The Road Haulage Association is shocked at Labour’s Shadow Treasury team’s call for even more taxes be piled upon the haulage industry – the sector responsible for the movement of 98% of all goods consumed in the UK.
Commenting, RHA chief executive Richard Burnett said: “Britain's hauliers already pay some of the highest taxes in Europe. The suggestion that a Labour Government would massively increase taxes on the movement of goods is beyond belief.. It will undermine the competitiveness of all UK industry and ramp up inflationary pressures”.
“It is clear from his comments that Labour’s Treasury Frontbencher, Clive Lewis, sees our industry as ‘the bad guys - the emission bandits’. Nothing could be further from the truth. For years we have been extolling the virtues of the industry’s new, cleaner, trucks but it’s clear that the Shadow Chancellor has no idea as to the importance of the industry on the which people and businesses of the UK depend. We shall be seeking a meeting with his team as soon as possible to give them the clarity that is so obviously lacking.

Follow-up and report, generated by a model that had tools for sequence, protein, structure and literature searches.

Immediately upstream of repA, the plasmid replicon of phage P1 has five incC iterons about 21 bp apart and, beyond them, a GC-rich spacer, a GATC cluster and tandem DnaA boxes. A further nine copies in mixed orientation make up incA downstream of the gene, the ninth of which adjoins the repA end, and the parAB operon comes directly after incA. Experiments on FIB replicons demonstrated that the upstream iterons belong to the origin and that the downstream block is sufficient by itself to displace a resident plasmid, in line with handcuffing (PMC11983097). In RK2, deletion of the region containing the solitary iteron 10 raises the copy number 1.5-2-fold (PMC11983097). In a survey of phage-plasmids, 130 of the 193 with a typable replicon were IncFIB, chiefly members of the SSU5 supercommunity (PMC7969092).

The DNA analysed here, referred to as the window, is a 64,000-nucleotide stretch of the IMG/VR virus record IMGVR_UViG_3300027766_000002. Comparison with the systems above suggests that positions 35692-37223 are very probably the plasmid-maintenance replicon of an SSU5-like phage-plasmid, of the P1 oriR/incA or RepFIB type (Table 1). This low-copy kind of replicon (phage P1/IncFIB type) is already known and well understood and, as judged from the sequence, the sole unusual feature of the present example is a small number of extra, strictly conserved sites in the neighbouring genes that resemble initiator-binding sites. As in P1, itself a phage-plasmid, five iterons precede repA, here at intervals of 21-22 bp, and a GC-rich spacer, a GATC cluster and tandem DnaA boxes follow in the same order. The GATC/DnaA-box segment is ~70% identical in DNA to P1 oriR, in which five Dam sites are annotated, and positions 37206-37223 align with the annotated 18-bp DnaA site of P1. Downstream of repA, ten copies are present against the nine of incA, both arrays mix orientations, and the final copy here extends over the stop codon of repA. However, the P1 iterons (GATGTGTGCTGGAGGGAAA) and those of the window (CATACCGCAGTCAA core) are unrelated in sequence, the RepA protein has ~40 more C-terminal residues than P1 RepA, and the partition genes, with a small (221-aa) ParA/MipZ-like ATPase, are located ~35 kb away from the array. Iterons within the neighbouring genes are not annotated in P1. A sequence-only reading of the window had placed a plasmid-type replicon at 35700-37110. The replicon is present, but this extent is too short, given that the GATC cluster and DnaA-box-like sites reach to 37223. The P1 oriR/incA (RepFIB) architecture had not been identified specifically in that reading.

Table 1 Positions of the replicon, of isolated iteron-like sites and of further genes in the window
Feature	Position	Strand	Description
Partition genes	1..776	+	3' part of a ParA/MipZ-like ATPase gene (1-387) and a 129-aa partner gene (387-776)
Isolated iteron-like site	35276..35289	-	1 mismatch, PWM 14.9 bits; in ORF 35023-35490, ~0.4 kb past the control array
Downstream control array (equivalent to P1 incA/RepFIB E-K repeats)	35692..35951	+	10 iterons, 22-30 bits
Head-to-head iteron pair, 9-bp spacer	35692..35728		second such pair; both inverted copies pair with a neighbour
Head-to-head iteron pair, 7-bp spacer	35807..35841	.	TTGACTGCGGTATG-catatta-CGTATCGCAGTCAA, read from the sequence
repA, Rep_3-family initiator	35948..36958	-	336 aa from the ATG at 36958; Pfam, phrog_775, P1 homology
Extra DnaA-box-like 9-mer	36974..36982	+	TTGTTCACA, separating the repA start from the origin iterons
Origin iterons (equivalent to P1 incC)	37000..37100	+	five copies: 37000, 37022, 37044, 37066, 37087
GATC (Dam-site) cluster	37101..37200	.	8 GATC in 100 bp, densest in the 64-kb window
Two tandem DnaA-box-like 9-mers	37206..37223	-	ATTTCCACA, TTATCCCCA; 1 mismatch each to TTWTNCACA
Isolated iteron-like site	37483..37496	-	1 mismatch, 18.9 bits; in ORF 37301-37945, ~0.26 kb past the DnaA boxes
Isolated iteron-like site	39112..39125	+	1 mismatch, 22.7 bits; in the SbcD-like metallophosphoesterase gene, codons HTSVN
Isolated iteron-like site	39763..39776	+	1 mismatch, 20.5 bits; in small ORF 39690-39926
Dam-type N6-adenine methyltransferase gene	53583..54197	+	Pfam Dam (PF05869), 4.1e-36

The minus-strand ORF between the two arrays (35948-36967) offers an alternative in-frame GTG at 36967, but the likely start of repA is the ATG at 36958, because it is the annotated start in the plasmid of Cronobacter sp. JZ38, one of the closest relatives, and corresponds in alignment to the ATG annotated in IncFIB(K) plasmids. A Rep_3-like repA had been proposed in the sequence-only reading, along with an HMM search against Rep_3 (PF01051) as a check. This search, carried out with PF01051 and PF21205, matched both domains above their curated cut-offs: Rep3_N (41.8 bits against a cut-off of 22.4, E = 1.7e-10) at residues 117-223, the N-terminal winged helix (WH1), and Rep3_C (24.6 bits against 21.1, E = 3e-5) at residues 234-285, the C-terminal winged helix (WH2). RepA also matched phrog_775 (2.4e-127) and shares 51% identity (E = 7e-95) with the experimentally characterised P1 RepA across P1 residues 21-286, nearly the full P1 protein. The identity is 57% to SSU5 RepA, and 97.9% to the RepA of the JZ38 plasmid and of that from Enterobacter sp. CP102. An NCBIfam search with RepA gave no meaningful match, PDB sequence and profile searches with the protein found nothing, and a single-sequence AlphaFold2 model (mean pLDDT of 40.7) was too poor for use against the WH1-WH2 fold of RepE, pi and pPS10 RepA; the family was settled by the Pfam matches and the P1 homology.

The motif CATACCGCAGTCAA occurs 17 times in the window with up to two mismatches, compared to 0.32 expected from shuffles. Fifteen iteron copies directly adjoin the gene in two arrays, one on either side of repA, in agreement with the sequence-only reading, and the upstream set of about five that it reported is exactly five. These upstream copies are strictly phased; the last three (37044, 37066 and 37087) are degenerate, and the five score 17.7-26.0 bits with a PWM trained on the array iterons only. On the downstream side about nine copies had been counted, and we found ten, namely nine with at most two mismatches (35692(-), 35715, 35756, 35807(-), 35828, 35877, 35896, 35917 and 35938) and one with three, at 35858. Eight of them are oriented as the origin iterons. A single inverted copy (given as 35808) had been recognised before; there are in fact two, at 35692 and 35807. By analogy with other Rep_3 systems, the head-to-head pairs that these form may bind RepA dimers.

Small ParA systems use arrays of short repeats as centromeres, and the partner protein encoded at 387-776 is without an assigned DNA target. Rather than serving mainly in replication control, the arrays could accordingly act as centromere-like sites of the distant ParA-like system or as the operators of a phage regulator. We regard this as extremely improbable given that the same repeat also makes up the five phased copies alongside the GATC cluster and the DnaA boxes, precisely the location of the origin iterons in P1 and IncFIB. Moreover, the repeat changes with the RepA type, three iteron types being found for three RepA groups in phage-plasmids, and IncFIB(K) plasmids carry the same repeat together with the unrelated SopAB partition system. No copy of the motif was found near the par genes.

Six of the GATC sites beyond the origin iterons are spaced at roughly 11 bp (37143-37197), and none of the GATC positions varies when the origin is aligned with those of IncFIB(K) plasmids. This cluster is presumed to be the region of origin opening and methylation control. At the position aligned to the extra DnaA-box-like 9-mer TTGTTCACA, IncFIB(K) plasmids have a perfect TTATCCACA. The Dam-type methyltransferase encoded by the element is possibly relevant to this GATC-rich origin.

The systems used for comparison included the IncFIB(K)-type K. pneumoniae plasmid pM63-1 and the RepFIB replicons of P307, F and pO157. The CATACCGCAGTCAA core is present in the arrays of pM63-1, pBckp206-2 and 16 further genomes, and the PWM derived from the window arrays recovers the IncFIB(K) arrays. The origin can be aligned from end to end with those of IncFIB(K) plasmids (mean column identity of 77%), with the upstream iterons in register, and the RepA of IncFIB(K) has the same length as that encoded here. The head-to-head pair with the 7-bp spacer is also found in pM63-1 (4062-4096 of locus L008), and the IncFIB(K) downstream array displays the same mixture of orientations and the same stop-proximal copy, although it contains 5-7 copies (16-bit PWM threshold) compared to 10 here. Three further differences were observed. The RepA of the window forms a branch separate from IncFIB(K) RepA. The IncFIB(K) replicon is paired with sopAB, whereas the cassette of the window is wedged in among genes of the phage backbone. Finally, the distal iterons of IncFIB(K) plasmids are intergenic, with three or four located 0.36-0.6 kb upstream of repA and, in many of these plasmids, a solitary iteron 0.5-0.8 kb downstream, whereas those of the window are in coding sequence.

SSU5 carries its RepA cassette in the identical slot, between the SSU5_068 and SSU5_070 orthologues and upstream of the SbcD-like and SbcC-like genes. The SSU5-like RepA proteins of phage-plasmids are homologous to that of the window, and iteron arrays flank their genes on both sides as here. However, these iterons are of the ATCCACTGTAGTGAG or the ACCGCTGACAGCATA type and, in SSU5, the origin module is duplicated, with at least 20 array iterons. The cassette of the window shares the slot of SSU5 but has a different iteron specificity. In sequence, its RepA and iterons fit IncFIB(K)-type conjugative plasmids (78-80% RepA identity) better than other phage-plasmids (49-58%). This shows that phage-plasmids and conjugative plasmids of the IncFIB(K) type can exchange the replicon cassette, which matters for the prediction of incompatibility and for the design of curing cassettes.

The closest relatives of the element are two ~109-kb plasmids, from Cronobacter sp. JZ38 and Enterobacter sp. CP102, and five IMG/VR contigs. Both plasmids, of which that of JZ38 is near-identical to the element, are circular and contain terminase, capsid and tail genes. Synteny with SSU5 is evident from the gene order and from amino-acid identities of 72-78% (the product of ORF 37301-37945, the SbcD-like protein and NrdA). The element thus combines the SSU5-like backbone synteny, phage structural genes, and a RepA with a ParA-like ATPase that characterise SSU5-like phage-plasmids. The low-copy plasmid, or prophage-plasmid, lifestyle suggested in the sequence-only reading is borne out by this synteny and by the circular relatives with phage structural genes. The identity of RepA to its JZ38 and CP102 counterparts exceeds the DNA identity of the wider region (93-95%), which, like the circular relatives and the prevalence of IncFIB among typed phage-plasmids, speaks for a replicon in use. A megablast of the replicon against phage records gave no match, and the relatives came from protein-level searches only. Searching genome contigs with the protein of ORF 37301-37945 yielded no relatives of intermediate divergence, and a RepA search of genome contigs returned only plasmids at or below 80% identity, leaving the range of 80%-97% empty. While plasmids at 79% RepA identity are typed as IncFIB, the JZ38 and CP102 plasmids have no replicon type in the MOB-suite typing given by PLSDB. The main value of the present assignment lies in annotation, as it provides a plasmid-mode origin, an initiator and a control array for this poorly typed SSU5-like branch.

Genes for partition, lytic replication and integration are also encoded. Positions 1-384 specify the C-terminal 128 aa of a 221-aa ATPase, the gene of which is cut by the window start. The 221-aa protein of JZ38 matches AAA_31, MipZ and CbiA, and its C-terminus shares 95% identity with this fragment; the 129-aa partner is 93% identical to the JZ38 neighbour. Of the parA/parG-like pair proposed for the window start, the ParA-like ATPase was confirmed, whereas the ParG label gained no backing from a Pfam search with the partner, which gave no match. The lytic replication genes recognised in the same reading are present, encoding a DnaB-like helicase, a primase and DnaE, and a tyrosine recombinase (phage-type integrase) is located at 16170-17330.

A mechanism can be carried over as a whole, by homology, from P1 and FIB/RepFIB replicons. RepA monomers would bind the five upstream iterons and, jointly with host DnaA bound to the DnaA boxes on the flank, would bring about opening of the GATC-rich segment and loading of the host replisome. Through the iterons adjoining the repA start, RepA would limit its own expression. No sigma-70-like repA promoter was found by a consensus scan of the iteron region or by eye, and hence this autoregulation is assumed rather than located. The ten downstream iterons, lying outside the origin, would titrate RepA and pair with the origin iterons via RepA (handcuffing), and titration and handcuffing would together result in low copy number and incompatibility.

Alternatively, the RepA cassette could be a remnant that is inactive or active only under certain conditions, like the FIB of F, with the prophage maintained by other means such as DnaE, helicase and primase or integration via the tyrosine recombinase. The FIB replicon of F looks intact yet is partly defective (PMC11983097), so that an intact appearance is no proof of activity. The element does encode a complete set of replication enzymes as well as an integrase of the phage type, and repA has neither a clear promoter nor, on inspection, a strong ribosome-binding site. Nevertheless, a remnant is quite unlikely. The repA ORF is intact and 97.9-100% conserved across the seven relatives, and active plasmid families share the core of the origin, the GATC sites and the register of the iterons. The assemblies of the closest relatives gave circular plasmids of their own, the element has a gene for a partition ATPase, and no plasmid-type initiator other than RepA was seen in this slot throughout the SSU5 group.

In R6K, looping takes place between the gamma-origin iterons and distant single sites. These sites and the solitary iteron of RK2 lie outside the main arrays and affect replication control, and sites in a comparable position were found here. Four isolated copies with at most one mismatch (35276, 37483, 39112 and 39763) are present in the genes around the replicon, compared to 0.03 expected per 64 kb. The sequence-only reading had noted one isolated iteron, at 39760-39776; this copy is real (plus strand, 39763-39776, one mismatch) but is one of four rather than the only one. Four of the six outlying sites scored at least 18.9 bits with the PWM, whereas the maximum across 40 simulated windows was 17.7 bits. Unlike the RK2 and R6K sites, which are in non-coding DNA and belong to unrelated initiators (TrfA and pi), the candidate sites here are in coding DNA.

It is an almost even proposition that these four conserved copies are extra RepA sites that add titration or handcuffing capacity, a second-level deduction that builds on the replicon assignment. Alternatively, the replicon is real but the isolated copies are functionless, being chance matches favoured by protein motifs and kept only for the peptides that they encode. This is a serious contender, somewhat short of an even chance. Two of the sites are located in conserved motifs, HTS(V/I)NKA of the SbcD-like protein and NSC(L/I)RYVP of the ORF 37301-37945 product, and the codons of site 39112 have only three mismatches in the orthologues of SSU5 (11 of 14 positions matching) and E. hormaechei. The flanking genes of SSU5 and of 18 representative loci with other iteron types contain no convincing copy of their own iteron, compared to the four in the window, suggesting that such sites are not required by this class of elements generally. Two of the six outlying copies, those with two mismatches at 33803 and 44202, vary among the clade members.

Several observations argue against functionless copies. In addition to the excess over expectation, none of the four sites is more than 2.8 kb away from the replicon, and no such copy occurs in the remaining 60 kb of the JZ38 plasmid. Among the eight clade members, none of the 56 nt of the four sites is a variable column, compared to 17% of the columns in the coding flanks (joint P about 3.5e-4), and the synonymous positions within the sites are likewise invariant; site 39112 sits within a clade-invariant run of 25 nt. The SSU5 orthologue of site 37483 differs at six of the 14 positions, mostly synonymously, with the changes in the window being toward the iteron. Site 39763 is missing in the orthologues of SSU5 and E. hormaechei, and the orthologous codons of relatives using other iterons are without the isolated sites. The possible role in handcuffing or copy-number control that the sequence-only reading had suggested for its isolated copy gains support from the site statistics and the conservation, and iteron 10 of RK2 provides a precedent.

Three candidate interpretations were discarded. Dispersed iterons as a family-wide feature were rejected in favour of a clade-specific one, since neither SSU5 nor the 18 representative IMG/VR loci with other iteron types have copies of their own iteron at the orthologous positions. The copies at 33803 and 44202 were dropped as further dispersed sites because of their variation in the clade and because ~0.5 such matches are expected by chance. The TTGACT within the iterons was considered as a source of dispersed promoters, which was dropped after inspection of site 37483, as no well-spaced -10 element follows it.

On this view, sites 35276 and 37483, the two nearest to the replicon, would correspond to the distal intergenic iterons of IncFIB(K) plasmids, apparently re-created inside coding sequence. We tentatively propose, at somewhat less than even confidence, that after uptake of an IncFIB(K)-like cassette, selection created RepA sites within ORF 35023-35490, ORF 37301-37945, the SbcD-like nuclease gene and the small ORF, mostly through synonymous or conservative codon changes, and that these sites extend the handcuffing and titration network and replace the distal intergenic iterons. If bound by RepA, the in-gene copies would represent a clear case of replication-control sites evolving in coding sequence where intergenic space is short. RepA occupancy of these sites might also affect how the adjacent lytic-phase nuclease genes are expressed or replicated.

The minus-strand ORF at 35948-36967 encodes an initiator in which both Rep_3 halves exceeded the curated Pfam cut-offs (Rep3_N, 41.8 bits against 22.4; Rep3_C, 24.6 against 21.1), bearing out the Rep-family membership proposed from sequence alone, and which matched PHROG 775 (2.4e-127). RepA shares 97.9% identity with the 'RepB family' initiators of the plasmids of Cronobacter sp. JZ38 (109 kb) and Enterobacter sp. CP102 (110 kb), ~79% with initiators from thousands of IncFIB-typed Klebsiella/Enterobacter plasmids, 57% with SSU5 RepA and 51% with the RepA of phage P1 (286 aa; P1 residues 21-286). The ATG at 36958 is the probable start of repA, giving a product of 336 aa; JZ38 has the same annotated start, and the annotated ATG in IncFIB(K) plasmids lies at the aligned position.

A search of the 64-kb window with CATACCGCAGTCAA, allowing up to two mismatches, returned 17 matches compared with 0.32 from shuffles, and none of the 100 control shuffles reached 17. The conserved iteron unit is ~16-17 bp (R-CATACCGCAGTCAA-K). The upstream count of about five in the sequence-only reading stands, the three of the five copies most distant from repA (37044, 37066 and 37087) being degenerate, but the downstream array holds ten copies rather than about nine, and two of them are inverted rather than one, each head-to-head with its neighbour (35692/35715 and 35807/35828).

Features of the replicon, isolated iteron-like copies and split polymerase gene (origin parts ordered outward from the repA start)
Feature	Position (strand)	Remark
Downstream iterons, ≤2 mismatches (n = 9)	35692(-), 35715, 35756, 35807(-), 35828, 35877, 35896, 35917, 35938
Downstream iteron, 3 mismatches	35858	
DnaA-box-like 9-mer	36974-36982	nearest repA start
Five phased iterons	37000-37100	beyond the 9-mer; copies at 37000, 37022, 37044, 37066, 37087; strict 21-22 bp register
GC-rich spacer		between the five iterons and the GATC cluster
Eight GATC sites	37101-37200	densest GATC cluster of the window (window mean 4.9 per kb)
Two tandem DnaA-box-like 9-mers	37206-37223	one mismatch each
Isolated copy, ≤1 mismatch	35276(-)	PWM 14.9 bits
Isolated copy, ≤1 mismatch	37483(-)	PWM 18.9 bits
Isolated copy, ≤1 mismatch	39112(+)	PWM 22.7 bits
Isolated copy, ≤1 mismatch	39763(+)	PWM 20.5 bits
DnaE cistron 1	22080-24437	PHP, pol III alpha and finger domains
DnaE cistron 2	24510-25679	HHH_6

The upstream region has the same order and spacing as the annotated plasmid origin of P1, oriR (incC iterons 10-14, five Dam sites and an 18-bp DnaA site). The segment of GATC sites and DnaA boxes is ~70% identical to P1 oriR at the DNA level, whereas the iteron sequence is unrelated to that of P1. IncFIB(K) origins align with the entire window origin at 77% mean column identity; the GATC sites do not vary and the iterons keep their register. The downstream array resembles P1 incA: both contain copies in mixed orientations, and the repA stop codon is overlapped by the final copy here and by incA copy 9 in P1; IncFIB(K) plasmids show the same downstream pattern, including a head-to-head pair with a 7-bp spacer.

“These latest proposals are a further own goal as they will undermine the sector’s massive ongoing investment in newer cleaner vehicles. What is even more shocking is the cavalier approach of Mr Lewis who is content “see HGV businesses go out of business” as a direct consequence of this tax hike.
“These proposals are also at odds with comments made by the Shadow Secretary of State for Transport, Andy McDonald at the RHA’s Parliamentary reception at the end of October when he praised the work of the industry, affirming its position as the business sector on which the rest of the economy so heavily relies.
“Labour’s aspirations to land British hauliers with an enormous bill of £6bn pa (over £12,096 a year per lorry) is, at best, naïve. And it won’t just be the haulage industry that pays, everyone that relies on trucks to keep manufacturers, supermarkets, schools and hospitals going will be hit.
“This is a dangerous game and these latest proposals will simply alienate the 2.5 million potential voters employed within the industry – votes on which the Labour Party so strongly depends.”